Is a Hep C drug price war headed our way?

June 16, 2014

FDA has granted priority review for AbbVie’s investigational, all-oral, interferon-free regimen for the treatment of adult patients with chronic genotype 1 hepatitis C virus infection.

Santilli

FDA has granted priority review for AbbVie’s investigational, all-oral, interferon-free regimen for the treatment of adult patients with chronic genotype 1 hepatitis C virus infection.

The regimen consists of ABT-450/ritonavir co-formulated with ombitasvir (ABT-267), and dasabuvir (ABT-333) with or without RBV. The combination of 3 different mechanisms of action interrupts the hepatitis C virus replication process with the goal of optimizing sustained virologic response rates across different patient populations, according to a company press release.

“FDA’s acceptance of AbbVie's new drug application and granting a priority review for its all-oral regimen for treating adult patients infected with the hep C virus currently positions the company as runner-up in the $20 billion market to Gilead Sciences,” according to John Santilli, of Access Market Intelligence, which provides market intelligence to the pharmaceutical and healthcare industries.

The outlook for AbbVie as the second-largest participant is promising as its 3-drug regimen is estimated to reach $3 billion in sales, according to Santilli.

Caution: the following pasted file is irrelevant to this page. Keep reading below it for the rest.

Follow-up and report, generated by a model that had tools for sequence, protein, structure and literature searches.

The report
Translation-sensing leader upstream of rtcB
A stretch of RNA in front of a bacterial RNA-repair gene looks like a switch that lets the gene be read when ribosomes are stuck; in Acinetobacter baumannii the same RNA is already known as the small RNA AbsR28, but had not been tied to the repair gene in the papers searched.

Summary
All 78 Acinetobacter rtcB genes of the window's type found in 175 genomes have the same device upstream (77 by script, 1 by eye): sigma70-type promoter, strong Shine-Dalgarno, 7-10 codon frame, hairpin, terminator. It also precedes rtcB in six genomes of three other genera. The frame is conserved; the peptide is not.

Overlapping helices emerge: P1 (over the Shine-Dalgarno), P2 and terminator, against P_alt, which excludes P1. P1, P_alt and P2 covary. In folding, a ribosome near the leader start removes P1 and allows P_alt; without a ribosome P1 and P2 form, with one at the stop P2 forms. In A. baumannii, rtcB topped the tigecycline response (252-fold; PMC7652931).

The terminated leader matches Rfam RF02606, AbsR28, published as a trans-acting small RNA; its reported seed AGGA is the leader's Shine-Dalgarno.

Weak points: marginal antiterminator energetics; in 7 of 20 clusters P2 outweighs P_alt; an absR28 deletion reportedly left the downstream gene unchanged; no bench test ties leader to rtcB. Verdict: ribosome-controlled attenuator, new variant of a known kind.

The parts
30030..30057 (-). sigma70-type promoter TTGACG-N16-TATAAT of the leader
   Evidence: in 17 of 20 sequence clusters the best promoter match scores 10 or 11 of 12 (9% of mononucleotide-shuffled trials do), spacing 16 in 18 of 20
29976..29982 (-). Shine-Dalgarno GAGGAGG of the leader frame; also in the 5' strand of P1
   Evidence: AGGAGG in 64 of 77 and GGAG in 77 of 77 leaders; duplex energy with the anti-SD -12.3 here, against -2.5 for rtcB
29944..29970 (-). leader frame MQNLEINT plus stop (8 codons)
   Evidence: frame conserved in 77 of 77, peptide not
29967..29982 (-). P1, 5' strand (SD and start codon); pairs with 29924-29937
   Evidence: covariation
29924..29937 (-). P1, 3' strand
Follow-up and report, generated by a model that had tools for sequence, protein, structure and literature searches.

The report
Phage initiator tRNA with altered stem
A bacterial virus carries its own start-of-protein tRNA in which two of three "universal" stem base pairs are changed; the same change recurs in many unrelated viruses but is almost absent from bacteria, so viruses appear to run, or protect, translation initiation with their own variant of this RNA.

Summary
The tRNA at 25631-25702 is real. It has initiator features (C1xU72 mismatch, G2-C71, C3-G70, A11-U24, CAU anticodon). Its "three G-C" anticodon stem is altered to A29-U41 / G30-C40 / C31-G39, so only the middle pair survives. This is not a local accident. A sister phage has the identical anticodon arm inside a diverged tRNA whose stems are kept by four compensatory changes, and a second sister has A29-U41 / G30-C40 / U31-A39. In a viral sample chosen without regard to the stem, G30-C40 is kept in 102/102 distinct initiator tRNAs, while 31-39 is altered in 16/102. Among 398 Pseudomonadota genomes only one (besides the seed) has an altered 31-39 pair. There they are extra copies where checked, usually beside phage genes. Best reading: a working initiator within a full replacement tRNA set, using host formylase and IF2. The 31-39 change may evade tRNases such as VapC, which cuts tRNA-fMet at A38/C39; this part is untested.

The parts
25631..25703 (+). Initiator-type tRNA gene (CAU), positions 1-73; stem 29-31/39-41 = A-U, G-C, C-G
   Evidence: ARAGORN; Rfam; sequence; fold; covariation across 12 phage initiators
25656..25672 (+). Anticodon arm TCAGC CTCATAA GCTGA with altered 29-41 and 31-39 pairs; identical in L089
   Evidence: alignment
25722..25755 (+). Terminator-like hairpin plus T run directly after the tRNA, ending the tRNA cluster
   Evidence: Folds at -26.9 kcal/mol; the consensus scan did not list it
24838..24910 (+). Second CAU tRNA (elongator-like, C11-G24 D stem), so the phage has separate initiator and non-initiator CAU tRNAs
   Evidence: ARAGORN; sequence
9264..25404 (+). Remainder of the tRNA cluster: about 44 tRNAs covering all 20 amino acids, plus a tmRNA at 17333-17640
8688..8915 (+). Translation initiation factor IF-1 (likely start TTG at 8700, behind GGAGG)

“However, AbbVie’s second place position in the market may be short-lived, as Merck has made an impact in the market with its combination drug entry,” he said.

An all-oral, once-daily regimen combining MK-5172, an investigational hepatitis C virus (HCV) NS3/4A protease inhibitor, and MK-8742, an investigational HCV NS5A replication complex inhibitor is being tested by Merck to treat hepatitis C.

Last week, Merck purchased biopharmaceutical maker Idenix Pharmaceuticals to help strengthen its hep C drug portfolio.

“The hep C market appears to be heading to a price war as the market backlash to Gilead's $1,000-a-pill Sovaldi continues and Merck, AbbVie, and Bristol-Myers Squibb compete aggressively on pricing,” Santilli said.

For more on hep C go to:

Chronic hep C: More effective, better-tolerated therapies still needed, researchers say